The Cleanest Line

Activism

A highly sociable, capable and forward-thinking creature, the Yellow-Framed Pedaler has been known to build, ride and share trails in California’s Downieville area. Photo: Scott Markewitz

All Hands on Deck

By Sacha Halenda   |   Aug 15, 2018 August 15, 2018

The mottled splotches of dark brown and grey that dot the back of the Sierra Nevada yellow-legged frog let it transform into a lichen-covered rock, a shadow on a stream bed or a leaf on the forest floor. Not being noticed is a handy trait when you are the food-chain… Read More

Members of the Smith family haul a net nicely loaded with sockeye, Kvichak River, Bristol Bay, Alaska. Photo: Corey Arnold

Rites of Summer, One Welcome, One Not

By Tim Sohn   |   Jul 27, 2018 July 27, 2018

The start of a Bristol Bay fishing season is always an enervating mix of excitement and uncertainty, but for the past decade-plus, a larger uncertainty has loomed: the proposed, but still theoretical, Pebble Mine, a massive open pit mine that would sit near the headwaters of Bristol Bay’s river systems… Read More

The Nez Perce-Clearwater National Forest (ID) will determine which streams to protect for potential Wild and Scenic designation through their forest plan over the coming year. American Whitewater has identified around 30 rivers and creeks in the Forest, including Three Links Creek (pictured), with outstandingly remarkable values and is advocating for their protection. Photo: Trip Kinney

Critical Mass: Strapping it together

By Sarah Gilman   |   Jul 26, 2018 July 26, 2018

American Whitewater, a small but scrappy nonprofit, has learned the first step toward protecting a beloved river is to help make waves. If you flip through early issues of the American Whitewater Journal, published quarterly by the nonprofit American Whitewater since its founding in 1954, you’ll discover several things. One… Read More

Dispatches from the Edge of the World

By Meaghen Brown   |   Jun 5, 2018 June 5, 2018

The wind at the edge of the world comes in clean and cold. Without any significant landmass to temper its force, it rips across the 40th latitude and slams into the prefab houses that straddle the tiny seaside township of Arthur River where we’re staying. It strains against the windows… Read More

The Una and its tributaries are certainly wadable and offer amazing trout and grayling fishing, especially in the upper parts in Una National Park. Photo: Jonas Borinski

Save the Blue Heart of Europe: Una, The One

By Jonas Borinski   |   Jul 17, 2018 July 17, 2018

Bosnia? Isn’t that one of those war-stricken, ex-Yugoslavia states? Hmm, I don’t know much about it but it doesn’t sound too tempting. That’s what I thought when Patagonia sales rep Christof Menz contacted me in early 2016 with the idea to make a fly fishing film about… Read More

Kingfish are an MSA rebuilding success story for both commercial and recreational fishing interests. Photo: Brandon Shuler

Boom & Bust: Healthy Fisheries Demand Strong Conservation

By Dr. Brandon D. Shuler   |   Jun 26, 2018 June 26, 2018

As luck would have it, I was born into one of those families that has a healthy addiction: fishing. When asked, “When did you start fishing?” I have no answer. It’s always been there. Like most fly anglers, I cut my teeth on conventional gear, throwing artificials while sitting in… Read More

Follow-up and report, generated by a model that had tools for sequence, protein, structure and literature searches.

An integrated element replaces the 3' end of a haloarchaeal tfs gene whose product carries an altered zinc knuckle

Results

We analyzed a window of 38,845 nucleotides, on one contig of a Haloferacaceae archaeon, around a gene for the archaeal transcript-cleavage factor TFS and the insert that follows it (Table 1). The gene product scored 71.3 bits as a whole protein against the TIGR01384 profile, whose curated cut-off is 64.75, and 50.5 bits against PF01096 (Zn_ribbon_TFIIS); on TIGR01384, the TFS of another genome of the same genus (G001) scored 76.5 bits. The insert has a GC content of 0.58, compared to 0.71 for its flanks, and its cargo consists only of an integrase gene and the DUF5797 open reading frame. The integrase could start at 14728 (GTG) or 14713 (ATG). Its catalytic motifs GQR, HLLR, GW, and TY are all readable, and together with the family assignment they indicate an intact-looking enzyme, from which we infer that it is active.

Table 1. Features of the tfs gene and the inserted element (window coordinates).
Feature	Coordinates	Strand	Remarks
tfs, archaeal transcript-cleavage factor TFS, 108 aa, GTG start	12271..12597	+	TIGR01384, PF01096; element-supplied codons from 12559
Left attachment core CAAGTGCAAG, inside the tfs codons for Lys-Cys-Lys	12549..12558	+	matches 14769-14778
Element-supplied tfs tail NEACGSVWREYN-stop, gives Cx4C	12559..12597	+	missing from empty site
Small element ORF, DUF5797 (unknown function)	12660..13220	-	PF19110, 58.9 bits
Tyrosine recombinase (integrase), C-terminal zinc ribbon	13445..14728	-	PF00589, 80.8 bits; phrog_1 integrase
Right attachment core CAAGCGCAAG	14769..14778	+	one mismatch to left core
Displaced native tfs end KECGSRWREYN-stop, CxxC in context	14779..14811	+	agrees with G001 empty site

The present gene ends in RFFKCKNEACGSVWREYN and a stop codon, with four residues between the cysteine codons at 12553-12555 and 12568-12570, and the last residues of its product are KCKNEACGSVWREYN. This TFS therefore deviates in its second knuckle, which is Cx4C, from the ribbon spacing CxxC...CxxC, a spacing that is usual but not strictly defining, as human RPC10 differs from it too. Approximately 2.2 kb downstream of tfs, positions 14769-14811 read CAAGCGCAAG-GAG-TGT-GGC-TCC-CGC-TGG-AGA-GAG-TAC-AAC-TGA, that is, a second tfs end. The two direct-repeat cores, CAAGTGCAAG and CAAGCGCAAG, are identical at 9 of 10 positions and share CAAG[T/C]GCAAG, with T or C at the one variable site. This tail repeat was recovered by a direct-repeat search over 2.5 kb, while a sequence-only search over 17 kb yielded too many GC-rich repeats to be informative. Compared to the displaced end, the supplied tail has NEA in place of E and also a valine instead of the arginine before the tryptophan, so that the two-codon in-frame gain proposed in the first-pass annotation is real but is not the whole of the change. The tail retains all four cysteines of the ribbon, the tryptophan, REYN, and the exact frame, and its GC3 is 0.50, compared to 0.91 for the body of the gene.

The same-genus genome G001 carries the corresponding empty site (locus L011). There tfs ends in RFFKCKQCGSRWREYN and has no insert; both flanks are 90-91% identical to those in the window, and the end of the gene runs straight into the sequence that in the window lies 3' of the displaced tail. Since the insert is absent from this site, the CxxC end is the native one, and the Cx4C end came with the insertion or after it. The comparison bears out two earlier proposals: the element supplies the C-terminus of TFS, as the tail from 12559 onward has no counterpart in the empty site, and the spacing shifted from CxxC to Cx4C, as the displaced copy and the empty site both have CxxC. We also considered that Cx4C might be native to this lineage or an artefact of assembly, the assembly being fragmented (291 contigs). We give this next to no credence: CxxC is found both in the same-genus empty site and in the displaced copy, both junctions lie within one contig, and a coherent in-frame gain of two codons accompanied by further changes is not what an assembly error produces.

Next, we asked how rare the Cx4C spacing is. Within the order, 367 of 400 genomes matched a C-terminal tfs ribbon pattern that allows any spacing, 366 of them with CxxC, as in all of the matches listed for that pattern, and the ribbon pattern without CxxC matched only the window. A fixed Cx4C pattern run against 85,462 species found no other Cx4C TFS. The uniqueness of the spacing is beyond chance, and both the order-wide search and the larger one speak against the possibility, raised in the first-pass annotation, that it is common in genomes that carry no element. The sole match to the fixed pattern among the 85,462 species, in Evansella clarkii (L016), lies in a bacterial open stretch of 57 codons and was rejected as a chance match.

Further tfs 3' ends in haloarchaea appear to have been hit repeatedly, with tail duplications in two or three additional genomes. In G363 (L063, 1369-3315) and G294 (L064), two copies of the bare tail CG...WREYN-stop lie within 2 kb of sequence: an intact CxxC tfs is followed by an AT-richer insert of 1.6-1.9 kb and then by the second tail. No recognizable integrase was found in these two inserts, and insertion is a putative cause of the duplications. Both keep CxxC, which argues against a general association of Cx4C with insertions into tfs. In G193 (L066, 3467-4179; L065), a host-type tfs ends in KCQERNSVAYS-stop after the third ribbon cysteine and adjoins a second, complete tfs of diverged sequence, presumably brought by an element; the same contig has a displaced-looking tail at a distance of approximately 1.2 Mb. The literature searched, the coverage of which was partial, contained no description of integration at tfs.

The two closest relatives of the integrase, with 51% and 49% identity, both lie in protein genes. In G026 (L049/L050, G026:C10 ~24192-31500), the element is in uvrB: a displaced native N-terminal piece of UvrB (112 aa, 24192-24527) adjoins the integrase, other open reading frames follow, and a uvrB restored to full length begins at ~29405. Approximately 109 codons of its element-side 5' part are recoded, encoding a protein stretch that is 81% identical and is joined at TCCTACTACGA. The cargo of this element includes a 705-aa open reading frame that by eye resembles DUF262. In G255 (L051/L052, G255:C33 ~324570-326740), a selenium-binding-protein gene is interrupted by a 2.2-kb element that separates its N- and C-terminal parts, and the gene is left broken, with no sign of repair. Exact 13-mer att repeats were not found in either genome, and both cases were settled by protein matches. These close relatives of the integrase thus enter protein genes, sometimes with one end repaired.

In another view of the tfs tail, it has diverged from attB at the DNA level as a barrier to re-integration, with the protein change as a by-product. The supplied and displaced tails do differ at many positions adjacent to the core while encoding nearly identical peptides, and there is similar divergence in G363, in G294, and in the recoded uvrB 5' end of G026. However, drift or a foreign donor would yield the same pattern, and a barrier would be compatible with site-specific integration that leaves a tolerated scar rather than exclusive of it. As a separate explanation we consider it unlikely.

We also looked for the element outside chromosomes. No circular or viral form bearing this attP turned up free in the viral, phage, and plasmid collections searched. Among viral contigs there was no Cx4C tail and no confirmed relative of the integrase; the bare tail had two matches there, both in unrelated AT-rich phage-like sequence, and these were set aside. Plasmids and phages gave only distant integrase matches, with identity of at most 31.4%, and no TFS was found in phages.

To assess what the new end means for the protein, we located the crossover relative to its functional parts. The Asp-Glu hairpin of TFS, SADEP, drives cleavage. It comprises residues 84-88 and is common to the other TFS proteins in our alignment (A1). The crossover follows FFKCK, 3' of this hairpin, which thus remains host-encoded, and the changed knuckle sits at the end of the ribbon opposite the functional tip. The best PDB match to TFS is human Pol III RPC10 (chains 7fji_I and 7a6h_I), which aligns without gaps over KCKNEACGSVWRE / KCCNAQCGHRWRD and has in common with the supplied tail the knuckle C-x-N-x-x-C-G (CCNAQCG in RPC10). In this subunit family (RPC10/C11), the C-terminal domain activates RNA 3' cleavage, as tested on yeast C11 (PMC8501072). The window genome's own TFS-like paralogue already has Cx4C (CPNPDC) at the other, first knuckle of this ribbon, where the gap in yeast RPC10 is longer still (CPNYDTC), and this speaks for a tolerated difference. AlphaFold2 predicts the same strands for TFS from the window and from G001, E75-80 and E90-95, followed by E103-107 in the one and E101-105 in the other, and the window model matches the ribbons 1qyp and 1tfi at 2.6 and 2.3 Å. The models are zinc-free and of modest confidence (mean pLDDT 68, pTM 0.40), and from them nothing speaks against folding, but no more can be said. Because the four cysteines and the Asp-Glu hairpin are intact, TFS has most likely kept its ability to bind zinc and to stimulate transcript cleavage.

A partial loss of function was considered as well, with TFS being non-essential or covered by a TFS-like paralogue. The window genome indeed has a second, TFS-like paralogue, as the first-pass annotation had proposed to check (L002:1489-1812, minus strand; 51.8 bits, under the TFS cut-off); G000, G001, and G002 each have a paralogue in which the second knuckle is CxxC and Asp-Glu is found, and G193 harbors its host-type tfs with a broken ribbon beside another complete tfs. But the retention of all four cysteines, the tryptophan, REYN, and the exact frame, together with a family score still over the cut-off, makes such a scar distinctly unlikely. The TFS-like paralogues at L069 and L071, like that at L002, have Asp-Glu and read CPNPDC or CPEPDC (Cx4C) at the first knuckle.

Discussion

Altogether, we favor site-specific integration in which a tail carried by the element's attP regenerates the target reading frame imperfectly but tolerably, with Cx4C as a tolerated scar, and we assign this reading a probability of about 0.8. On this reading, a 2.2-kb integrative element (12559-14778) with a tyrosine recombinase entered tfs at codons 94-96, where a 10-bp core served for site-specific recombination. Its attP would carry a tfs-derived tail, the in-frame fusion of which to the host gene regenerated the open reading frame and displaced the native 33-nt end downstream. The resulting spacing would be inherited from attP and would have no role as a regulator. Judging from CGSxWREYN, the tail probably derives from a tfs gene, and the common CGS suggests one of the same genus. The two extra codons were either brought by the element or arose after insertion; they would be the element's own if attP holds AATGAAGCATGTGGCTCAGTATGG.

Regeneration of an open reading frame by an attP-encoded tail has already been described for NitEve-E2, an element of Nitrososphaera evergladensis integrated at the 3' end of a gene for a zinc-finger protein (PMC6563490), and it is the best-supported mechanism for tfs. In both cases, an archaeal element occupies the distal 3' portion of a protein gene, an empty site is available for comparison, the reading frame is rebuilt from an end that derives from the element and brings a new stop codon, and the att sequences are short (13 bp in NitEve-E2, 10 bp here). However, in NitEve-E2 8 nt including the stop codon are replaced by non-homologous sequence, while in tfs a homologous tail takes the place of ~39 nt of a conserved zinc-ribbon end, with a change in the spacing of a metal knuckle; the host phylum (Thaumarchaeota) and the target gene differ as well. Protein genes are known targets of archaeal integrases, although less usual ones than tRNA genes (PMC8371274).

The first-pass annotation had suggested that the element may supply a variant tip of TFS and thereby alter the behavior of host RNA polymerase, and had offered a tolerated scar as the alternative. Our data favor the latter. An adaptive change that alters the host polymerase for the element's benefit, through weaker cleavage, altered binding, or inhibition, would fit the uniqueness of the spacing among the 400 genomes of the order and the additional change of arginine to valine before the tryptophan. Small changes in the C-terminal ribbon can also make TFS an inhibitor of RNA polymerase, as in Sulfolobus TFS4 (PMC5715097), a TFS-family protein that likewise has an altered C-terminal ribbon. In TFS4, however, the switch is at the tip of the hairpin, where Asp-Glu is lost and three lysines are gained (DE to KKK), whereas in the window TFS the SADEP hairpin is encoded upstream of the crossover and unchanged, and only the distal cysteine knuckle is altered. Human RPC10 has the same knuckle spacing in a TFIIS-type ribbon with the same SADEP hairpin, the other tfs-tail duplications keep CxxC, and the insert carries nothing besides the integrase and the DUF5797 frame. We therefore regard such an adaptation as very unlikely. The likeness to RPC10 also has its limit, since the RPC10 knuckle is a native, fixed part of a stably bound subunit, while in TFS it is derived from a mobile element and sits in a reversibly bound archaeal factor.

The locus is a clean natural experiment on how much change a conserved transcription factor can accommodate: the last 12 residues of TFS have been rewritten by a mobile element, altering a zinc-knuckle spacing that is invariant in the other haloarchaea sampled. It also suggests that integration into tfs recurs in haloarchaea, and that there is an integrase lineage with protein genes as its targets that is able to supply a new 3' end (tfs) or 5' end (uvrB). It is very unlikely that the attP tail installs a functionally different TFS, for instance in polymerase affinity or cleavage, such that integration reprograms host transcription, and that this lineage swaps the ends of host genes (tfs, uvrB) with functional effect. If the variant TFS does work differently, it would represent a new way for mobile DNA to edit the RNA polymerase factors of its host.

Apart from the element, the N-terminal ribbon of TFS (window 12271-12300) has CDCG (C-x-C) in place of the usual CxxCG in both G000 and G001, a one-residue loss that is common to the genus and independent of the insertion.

Michael O’Casey of the Oregon Natural Desert Association removes old barbed wire fencing in the Steens Mountain Cooperative Management and Protection Area in southeastern Oregon. Taking out fencing left behind by past grazing operations allows native wildlife to move freely through the landscape once again. Photo: Sage Brown

Helping Hands in the High Desert

By Patagonia   |   Jun 21, 2018 June 21, 2018

As you leave the lowlands, headed upward and eastward, the land around you changes into something markedly different—with the Cascades as a divider, the thick forests of the coast and the fertile fields of the Willamette Valley give way to the open rangelands, rock outcrops and dry, snaking canyons of… Read More

Photo: Peter Mather

In the Land of the Wolverine

By Tom Glass   |   Jun 19, 2018 June 19, 2018

Thumping along a frozen river by snowmachine, I’m winding my way into the heart of the Brooks Range in Northern Alaska. Riding snowmachines is a surprisingly busy activity, weight constantly shifting, eyes staring hard into the flat light, and today my decadent wrapping of goose down and full-face helmet with… Read More

Filleting the catch of the day. Photo: Dave McCoy

The Freedom to Live Off the Land

By Mike Wood   |   Jun 7, 2018 June 7, 2018

When I was a kid, the Connecticut River was my Yukon. I spent many days working alongside the river or canoeing its islands and backwaters in search of crabs, snapper, blues, ducks and alewives—amazing silvery fish that brave the depths of the Atlantic to feed and grow and then return… Read More

While exploring the reef, Belinda Baggs and Kimi Werner were surprised by the sudden appearance of a young humpback whale. Photo: Jarrah Lynch

The Reef Beneath

By Wayne Lynch   |   May 9, 2018 May 9, 2018

You know, it’s strange, you grow up as a kid in Australia and you see all these photos of the Great Barrier Reef and you hear all about it, and you feel you have some understanding or knowledge about the reef, but until you actually go up there and see… Read More

LOADING
ERROR